Other lasting influences on me have had the important art discourses of Minimalistic and Concrete Art together with Russian Constructivist and Abstract Expressionism as well as Joseph Beuys’ public investigations.
I’d like to talk with you about your work Site Monokrom which has been fascinating me since I’ve seen it the first time. While being a painting based on oil, its non-figurative, non-painterly emphasis on materiality suggests a sculptor’s approach, focusing on the object character of the work. What motivated you to make this work that oscillates between painting and sculpture? What kind of investigation were you after?
Site Monokrom is an investigation of something genuine that is at same time present. Material and technique are closely implemented in the process of developing the expression. This relationship is part of an investigating process: the spatial action, the handling of the rakes and the material, raking the fine lines until the point of their dissolution, modulating scales and direction. It is the saving of the immaterial between the striations that gives the work its spatial communication.
The monochromatic graphical richness takes advantage from the condition of the eye. I investigated the richness of structuring the grey color, searching for a grey point zero. The oscillation occurs in the modulation of layers establishing a physical microspace where the monochromatic meets with the site, where the expression establishes a communication of graphical expression.
The oscillation between painting and sculpture can better be understood within the discourse on sculpture. Willy Ørskov, a Danish sculptor of the 20th century, suggested that there is a difference between the notions of sameness and identity. He understood sameness as a given property which mainly gives meaning to the figurative, while by contrast he framed identity as an activity; that is, identification. Identification is useful within scientific investigation and is an alternative categorization of the object, including identical objects, but also identical conditions, identical change, identical scale, etc.
Furthermore, Site Monokrom suggests in its title yet another type of reference – a kind of territorial space. The canvas seems to be an abstract landscape, a geological formation. Instead of operating within the figure/ ground polarity, the work seems to be based on the modulation of ground solely. Its title suggests an affinity with ideas from the land art of the 1960’s, albeit within the framework of painting. Would you agree?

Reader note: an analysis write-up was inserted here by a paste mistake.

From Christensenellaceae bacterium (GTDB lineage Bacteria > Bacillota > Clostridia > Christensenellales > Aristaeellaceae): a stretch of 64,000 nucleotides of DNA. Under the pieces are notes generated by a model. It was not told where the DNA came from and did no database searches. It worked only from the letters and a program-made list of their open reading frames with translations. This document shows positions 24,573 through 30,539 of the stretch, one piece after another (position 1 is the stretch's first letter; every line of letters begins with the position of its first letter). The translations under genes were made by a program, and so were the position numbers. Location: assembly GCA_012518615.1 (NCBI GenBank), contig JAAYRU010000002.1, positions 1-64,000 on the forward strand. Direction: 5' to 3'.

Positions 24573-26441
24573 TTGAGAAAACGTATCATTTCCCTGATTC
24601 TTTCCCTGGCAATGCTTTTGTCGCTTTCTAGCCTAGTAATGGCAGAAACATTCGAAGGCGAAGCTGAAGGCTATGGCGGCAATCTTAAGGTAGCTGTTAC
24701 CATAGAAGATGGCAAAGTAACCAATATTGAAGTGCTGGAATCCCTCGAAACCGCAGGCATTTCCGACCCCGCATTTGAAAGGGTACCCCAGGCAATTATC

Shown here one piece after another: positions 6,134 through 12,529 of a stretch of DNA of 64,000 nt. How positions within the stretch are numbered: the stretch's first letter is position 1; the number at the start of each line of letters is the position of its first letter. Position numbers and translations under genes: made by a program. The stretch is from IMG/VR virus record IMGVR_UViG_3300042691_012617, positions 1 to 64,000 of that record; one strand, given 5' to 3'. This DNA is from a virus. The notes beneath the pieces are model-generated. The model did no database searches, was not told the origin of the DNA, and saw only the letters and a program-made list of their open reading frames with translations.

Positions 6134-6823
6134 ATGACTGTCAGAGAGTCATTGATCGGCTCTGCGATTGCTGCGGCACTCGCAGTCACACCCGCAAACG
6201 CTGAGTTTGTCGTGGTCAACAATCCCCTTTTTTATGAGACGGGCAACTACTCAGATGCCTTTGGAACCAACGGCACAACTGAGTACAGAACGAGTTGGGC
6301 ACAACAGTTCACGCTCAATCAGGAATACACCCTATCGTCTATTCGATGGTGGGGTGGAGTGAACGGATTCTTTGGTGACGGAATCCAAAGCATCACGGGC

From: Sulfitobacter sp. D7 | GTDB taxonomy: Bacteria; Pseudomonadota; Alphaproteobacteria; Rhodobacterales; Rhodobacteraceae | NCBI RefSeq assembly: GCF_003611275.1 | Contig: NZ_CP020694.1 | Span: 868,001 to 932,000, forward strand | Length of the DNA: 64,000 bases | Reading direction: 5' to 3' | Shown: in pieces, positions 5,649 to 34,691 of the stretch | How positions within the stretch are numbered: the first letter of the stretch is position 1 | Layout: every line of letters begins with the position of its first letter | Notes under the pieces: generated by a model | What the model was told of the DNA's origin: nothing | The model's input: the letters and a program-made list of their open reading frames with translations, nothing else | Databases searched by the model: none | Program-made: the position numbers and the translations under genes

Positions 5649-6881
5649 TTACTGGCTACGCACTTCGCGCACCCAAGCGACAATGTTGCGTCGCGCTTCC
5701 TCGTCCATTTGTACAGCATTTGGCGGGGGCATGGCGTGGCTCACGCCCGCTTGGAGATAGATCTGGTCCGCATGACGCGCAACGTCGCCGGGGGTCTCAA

The territorial directionality of the work is connected to navigational skills; it mediates a spatial orientation. The expressive character of the work relates to transitions in nature/ culture, and the significance of contextualizing this transition into visual language. We navigate by conscious and unconscious registrations of light with shadow; we navigate by traces of handling and movement. My ambition has been to question the silent awakening of something that is part of our collective consciousness. To register tiny variations that are vibrating into space, in endless continuity, with ongoing introspection. Yes, I agree.
The affinity with ideas from land art relates for instance to the work of Robert Smithson. In the pieces like Glue Pour or Asphalt Rundown, Smithson’s territorial exploration establish a topographical mutant where gravity and the immanent energy of the material are cooperating, creating an artificial landscape. His focus on entropy is also a method to enrich the understanding of potentials in concrete.
Another reference is some of the work of Richard Long which I verified and contextualized in field studies in the Moroccan dessert. I’d like to mention also Beuys’ investigation of bronze in his work Blitzschlag mit Lichtschein auf Hirsch; mediating a rare ability to empty and re-energize the significance of material.
Site Monokrom is situated with the space of the art gallery. By contrast, your work Ørnesvingen seems
conceptually and technically closely linked with Site Monokrom, yet has left the autonomous realm of art and its spaces of production and presentation. It is a piece integrated with an architectural work and contrary to the vertical picture plane setup of Site Monokrom, it has been conceived horizontally and has literally become ground. What motivated you to make this passage from the one work to the other one?
The change you are mentioning concerning the direction of space is actually a paradoxical change of intention. From working with two-dimensional surfaces, with a horizontal character, towards physically hitting the three-dimensional ground, being surrounded by perspective lines and disappearing points…!
The shift that is characterized by both works is not only one in materiality, scale, and orientation; it is in particular also a change in terms of artistic practice.
The shift presents an important change. The gallery space is privatized, and art needs to go public. I have spent time on how to provide participatory art, investigating my artistic contribution in terms of the qualities which can be useful in the field of public art. What is the attraction, who is the public and where are the borderlines for potential implementations?